Monday, July 20, 2015

Waste-Free Camping

Three years ago, we camped at Bowdish Lake.   It was time to return, to turn off the electronics, and tune into nature.  We wanted to leave with memories and not leave any trash behind.

To pack... A reusable shopping bag for food, for clothing, for outdoor toys, for books and games, for bathroom and medical supplies.  It all got packed haphazardly and got sorted by use after we set up the site.  I don't know how we fit it all in the car!  (PSA: We finally used the air mattress I purchased well over a year ago.  Note to all: put it in the tent BEFORE you inflate it!)

Besides the tent, pillows, sleeping bags, sun block, bug spray, citronella candle, toys, books, games, and guitars, we needed food.  This was our kitchen:

Cloth and reusable plastic.
Cloth-line and Castille!
Seltzer cans block the wind from
our terra cotta citronella candle.

Waste-Free Kitchen:

Mess kit
3 cast-iron pans
metal fire pit grill
oven mitts
wood kept dry in lidded reusable large storage bin
coffee tin of dryer lint to start fires
tin with matches
Collapsible silicon bowls and cups
Steel kettle
French press
coffee scoop
cutting board
reusable utensils
reusable metal grill forks (marshmallows/hot dogs)
plastic to-go containers for eating and storage
cloth napkins
cloth table cloth
folding table
folding chairs
Castille soap
Recommend: paper shopping bags with handles to carry goods and fold up and reuse.
Recommend: scrubbing sponge!!!  We had a hard time cleaning cast iron pans with cloth napkins and I didn't bring salt to scrub with.

Fruit: bananas, peaches, tangerines, apples
Instant oatmeal (burned packaging)
popcorn maker
bell peppers (mesh reusable bag)
eggs (burned cardboard carton)
butter (burned wax paper)

Recyclable Kitchen:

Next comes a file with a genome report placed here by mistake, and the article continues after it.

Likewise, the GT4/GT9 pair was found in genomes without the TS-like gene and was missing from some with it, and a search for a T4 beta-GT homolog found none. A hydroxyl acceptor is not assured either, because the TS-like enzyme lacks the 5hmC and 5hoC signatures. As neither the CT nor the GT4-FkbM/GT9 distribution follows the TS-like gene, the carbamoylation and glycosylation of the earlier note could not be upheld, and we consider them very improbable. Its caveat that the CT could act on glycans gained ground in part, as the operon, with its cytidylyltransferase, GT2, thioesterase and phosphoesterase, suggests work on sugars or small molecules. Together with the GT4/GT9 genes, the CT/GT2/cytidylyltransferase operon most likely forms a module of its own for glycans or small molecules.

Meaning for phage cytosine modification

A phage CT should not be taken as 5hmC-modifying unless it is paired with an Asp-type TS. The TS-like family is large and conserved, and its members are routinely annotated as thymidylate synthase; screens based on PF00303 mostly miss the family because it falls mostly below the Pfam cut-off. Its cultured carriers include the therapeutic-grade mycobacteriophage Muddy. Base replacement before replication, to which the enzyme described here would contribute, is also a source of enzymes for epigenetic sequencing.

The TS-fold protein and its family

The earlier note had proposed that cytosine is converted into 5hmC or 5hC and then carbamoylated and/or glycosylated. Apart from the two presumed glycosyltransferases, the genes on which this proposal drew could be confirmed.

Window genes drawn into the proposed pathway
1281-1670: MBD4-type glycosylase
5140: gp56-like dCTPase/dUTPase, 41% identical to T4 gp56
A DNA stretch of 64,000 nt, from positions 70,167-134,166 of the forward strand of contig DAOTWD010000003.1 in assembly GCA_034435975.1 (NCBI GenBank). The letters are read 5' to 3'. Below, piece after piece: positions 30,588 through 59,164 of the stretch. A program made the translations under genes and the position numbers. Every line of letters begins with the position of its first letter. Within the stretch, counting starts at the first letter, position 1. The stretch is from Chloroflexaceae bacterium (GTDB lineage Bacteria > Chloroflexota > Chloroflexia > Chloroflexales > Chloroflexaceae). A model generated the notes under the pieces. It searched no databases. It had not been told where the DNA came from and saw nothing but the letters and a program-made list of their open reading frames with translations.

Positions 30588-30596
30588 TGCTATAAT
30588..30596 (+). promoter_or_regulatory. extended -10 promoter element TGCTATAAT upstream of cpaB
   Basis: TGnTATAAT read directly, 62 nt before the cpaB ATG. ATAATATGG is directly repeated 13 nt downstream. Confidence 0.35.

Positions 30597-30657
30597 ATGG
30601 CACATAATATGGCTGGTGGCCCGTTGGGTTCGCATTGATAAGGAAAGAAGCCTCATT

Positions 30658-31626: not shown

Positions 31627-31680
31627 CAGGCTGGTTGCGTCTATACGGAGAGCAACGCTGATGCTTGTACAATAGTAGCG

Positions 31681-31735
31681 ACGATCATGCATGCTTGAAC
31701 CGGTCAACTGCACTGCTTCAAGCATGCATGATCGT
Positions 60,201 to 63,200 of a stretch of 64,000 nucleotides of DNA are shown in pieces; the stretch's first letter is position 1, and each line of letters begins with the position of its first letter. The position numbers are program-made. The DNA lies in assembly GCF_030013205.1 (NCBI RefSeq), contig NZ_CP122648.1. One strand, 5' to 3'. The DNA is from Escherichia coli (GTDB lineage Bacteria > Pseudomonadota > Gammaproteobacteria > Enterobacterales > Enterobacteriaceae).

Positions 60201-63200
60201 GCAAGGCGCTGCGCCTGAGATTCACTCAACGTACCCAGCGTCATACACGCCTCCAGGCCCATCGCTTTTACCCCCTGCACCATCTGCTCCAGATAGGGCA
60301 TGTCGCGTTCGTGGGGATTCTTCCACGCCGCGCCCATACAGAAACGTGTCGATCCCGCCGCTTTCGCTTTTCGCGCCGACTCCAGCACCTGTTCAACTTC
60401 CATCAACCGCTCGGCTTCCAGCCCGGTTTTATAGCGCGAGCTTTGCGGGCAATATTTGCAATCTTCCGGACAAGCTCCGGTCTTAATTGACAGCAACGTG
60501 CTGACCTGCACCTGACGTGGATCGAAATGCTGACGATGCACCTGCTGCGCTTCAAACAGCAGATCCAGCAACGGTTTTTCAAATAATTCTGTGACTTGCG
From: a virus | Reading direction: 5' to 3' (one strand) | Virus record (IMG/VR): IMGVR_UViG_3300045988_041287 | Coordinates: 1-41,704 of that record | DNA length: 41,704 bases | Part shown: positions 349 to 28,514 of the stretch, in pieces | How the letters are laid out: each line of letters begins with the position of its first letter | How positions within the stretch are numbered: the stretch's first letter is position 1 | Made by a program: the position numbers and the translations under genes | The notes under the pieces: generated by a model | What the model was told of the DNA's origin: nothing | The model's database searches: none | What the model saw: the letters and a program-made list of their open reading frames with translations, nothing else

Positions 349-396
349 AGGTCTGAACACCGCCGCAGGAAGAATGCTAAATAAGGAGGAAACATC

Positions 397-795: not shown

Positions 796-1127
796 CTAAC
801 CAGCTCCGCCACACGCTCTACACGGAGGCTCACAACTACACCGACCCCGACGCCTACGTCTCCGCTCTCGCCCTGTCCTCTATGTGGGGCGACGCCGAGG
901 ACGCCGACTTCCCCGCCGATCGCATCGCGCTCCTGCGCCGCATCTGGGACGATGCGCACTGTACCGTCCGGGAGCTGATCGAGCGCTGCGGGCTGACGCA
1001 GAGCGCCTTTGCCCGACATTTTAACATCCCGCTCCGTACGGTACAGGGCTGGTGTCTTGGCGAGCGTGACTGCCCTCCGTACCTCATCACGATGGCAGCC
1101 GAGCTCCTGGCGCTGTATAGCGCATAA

Foil (for potatoes and saving food)
nuts (aluminum and cardboard)
dried fruit mix (reusable plastic)
peanut butter (glass, metal)
safflower oil (plastic container)
free-trade chocolate (paper, foil)
cinnamon graham crackers (burned cardboard)
distilled water (plastic jug)
bread (paper bag)
mini potatoes (plastic netting - saved for crafts and texture rubbings)
cold cans of seltzer (keeping food cold in cooler)

Waste-Generating Kitchen:

turkey bacon (plastic bag)
deli meat and cheese (plastic bags)
hot dogs (plastic bag)
rolls (plastic bag)
marshmallows (plastic bag)
ice (plastic bag)
baby wipes (Cleaned hands of marshmallow; wiped bird droppings off tent.  Used sparingly.)

As you can see, convenient meat-products were our downfall.  This is ironic, because we rarely eat meat but wanted something easy to cook on a fire.  Peanut butter and jelly would have been fine with me, but my 8 year old has decided she no longer likes it.  My partner did come up with a divine concoction: banana slices and mixed nuts cooked with butter in a cast iron skillet.  The tiny mixed potatoes cooked in 40 minutes.  Pierce them all with a fork first, then wrap them in heavy foil and leave them right on the fire.  We cooked the whole bag for dinner and reused the leftovers for home-fries both mornings.

What about second breakfast?

Here's our shameful bag of waste:

I should also mention the glow sticks and their packaging.  So, not totally waste-free, but getting close.  Far from the conveniences of home, we met great people, got close to nature, hiked, made art, swam in the lake, had a pond weed fight, saw a spider spin a web at night, and photographed at least 500 different mushrooms for later identification.  But that will be in a future blog...

Going camping?  NWF wants to know with a #campie (camp + selfie).  More info here.

Our trip in 2012.

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